It’s been important to me to learn the Thai language. I started my lessons on my first trip out to Thailand in 2010 by a kind of accident. While trying to contact a woman who had flyers up around town announcing that she taught English, I stumbled into an elementary school near the gym in Chiang Mai to try to ask them if they knew where the map on the fliers was pointing to and instead of helping me find the private lessons the ladies in the office of the school offered to teach me Thai every day for free. It was pretty incredible. So, a very sweet and soft (in personality and in body) woman named May was my first teacher. When I returned to the US I took up Skype lessons with a great teacher in NY named Titcha, who started me out in my goal to learn how to read and write. Once we moved back to Thailand in 2012 for our extended stay I took lessons weekly from Kru Simon in Chiang Mai in person (he’s also available for Skype lessons to anywhere in the world) and I reached a growing literacy through those lessons.
Thai in Stages – Experiences
The first thing that happens in Thailand when you start speaking Thai to those you come across on a daily basis – in stores, in restaurants, taxis and share trucks, some of your trainers – is that Thais are incredibly happy to see you try to speak Thai. Even when you’re total shit at it, they’ll tell you how good your Thai is and they’re always keen to try to figure out what you’re saying even if it’s unintelligible. In Chiang Mai, for sure. When I moved to Pattaya and my Thai was already much better, the response from the merchants and various folks I was interacting with was overwhelmingly one of surprise. There are a lot of western tourists and expats in Pattaya, same as Chiang Mai, but they’re entirely different sets. In Chiang Mai it’s Brits, Canadians and maybe some Americans of the backpacker and hippie variety. In Pattaya it’s Russians, Germans and Americans of the gross old man variety – many of the tourist-oriented signs are in Cyrillic rather than English – and apparently the effort toward speaking any Thai is pretty low here in Pattaya. When I ordered hot ginger tea from a street vendor on our second night in Pattaya, his mouth dropped open when I spoke Thai – which was literally just “I’d like one hot ginger tea, please” – and he asked me why I speak Thai. It’s become a conversation I have fairly regularly when interacting with people for the first time in Pattaya. They’re always incredibly positive about it, which is nice because the separation between the western and tourist surface of Pattaya and the depth of Thai culture that rests just underneath it is one that I actually like.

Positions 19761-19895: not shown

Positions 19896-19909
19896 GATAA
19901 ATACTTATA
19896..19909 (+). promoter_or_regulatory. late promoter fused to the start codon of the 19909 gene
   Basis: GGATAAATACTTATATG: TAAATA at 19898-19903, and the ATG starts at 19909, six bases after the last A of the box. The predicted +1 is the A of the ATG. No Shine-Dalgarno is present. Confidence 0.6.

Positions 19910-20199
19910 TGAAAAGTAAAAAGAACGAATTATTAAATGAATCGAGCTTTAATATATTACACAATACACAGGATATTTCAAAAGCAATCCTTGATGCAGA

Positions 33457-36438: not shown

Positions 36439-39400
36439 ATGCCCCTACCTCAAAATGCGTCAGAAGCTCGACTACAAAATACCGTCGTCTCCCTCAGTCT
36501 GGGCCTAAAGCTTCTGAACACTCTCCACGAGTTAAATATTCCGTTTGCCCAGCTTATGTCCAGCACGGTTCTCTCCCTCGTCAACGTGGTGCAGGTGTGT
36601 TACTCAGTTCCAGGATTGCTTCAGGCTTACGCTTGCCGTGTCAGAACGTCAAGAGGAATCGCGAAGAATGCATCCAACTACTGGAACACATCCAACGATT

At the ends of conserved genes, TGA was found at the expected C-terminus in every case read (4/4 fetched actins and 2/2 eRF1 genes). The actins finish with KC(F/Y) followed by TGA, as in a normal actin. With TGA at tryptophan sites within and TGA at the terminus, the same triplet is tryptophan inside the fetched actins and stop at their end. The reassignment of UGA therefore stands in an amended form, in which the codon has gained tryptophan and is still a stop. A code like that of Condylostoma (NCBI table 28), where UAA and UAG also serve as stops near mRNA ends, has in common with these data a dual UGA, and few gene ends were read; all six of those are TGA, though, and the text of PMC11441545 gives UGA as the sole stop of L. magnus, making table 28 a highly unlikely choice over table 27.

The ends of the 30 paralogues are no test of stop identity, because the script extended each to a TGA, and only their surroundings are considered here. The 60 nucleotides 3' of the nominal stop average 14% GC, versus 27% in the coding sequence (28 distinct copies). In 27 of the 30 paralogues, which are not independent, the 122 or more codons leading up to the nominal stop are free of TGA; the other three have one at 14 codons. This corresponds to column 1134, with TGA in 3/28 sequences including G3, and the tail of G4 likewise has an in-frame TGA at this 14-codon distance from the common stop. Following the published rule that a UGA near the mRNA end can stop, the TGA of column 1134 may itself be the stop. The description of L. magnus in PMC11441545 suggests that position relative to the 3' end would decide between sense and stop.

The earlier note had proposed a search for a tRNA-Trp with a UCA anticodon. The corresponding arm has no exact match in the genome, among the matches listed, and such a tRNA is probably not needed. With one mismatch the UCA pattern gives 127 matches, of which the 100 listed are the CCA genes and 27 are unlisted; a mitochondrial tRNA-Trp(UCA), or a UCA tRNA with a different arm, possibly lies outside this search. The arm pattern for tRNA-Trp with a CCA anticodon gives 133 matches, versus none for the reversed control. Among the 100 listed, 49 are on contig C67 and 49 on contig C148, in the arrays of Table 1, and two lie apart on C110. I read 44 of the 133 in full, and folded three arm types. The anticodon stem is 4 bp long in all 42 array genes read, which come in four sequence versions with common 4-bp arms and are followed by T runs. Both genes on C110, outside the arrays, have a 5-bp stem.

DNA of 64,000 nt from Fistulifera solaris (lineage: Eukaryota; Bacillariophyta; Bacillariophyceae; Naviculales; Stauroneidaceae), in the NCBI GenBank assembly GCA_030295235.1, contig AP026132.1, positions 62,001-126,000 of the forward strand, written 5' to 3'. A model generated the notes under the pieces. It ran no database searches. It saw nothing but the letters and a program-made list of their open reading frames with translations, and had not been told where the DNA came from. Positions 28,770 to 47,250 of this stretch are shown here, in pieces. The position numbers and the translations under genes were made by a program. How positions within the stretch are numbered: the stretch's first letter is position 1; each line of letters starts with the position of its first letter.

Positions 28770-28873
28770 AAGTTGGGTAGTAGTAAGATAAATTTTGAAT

That’s speaking Thai. When you first start to be able to understand Thai, it’s another thing entirely. The first thing I noted when I started to be able to pick up on conversations around me was how funny Thais are. They talk an incredible amount of shit about everyone and make jokes about everything. The humor is full of sarcasm and is always a little sexual to a degree that’s cheeky and generally at the expense of another, younger male. (Keep in mind I spend 90% of my time around only men in gyms, so I’m talking about being in the virtual locker room of a Thai gym rather than at a school or wherever else folks might find themselves in non Muay Thai situations.)
And that brings me to the current stage of comprehension. Now that I can both speak and understand Thai (with a moderate vocabulary), I am privy to conversations going on about me, right in front of me. Sometimes these are very positive with guys seeing me hitting pads for the first time and geeking out about how they want me to come fight somewhere; and sometimes it’s super negative, like when I dare to wear a sleeveless shirt out and the clerks at 7-11 ask each other whether I’m a boy or a girl – that’s one I usually respond to, in Thai, and let us all sit in the awkwardness of confrontation that Thai culture hates so much…or the pitiful experience I had over the past two days while hitting pads at O. Meekhun Gym.